A firefighting helicopter makes water drops near Southern California Edison's transmission lines as the Thomas Fire burned near Highway 150.

Paul Wellman

A firefighting helicopter makes water drops near Southern California Edison's transmission lines as the Thomas Fire burned near Highway 150.

SoCal Edison Loses Opening Round in Thomas Fire Litigation

Judge Anderle Slaps Power Giant with Restraining Order

Judge Thomas Anderle ruled in favor of 36 families suing SoCal Edison for causing the Thomas Fire and the subsequent Montecito debris flow that killed at least 21 people, granting a temporary restraining order that requires the utility company to preserve, protect, and warehouse damaged utility poles and other equipment extricated from where the fire originated near Santa Paula. Within 30 days, SoCal Edison must allow investigators for the plaintiffs access to the damaged equipment for inspection.

SoCal Edison spokesperson Steven Conroy insisted the company would have done the same without a judge’s order “out of an abundance of caution,” adding that the damaged poles and transformers had to be removed to restore service and would have been warehoused regardless. Conroy noted that the cause of the wildfire has not been established; Cal Fire officials are still investigating.

Representing the plaintiffs, Robert Curtis stated Anderle’s ruling guarantees access to the equipment in question sooner rather than later. He noted that in a past case, Edison was fined $17 million — part of a $37 million settlement — by the California Public Utilities Commission (CPUC) for allegedly lying about the cause of the 2007 Malibu Fire, misrepresenting evidence, and chopping up old utility poles and other equipment into so many parts that no forensic sense could be made of them. The company was fined again for similar misrepresentations surrounding a Santa Ana windstorm that left 440,000 customers without electricity in 2011.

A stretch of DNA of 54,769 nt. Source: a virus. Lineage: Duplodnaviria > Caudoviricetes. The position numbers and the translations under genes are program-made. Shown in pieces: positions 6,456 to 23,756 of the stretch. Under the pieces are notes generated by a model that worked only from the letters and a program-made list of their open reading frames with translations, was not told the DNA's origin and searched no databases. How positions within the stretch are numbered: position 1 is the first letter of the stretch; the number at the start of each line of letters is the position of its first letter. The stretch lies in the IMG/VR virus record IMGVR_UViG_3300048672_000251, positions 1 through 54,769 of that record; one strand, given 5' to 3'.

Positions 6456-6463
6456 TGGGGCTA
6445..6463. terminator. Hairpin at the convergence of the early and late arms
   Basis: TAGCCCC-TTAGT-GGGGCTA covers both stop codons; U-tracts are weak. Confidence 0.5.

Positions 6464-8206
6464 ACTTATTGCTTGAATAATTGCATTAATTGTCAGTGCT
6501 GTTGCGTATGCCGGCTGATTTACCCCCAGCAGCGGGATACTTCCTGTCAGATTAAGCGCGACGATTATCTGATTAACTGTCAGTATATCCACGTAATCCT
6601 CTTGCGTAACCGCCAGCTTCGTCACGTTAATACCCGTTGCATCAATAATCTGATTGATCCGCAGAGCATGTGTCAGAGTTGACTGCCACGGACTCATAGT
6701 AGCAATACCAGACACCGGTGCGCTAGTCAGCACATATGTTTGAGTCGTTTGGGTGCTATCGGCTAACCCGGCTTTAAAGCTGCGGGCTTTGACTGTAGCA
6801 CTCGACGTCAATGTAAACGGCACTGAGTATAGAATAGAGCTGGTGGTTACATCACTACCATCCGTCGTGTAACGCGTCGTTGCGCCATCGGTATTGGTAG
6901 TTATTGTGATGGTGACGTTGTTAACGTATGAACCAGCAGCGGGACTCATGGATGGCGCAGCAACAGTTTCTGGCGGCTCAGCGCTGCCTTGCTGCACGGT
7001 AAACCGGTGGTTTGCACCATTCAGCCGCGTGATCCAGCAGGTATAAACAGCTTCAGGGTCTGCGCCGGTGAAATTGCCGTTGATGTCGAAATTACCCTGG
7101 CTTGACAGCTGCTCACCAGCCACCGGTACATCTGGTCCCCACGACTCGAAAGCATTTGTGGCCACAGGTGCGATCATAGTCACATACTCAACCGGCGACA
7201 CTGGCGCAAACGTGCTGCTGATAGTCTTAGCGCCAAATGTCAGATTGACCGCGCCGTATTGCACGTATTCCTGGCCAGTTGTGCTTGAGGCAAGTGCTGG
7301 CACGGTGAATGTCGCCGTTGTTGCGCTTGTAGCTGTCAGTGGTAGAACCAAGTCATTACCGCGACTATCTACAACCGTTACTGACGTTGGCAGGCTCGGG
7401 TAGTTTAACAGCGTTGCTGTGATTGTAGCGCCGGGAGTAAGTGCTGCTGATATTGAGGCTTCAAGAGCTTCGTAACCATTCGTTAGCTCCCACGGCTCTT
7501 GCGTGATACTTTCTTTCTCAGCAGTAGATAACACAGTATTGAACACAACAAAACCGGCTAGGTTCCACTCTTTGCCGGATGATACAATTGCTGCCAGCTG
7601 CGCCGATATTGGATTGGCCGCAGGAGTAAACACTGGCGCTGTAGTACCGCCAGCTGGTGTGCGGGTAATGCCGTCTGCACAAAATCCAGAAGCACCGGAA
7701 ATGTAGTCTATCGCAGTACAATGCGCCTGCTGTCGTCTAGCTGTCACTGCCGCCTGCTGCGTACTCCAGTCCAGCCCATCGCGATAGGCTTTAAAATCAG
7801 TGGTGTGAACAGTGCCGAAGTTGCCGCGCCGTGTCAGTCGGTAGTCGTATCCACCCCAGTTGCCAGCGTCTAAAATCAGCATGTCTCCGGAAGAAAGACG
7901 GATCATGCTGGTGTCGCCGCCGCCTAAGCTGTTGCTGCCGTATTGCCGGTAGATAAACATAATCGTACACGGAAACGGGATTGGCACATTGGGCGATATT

The City of Santa Barbara has also filed a lawsuit against SoCal Edison. The company’s failure to maintain its power lines and equipment, the city’s lawsuit alleges, was “despicable,” subjecting the plaintiffs to “cruel and unjust hardship.” The disaster was “entirely preventable,” not to be dismissed as “an Act of God,” the lawsuit alleges. The filing by City Hall brings the total number of lawsuits against SoCal Edison in connection with the Thomas Fire to 14. Of those, one is the mass tort case that gave rise to the temporary restraining order argued in Judge Anderle’s courtroom. Another is a class action lawsuit. The rest are individual claims.

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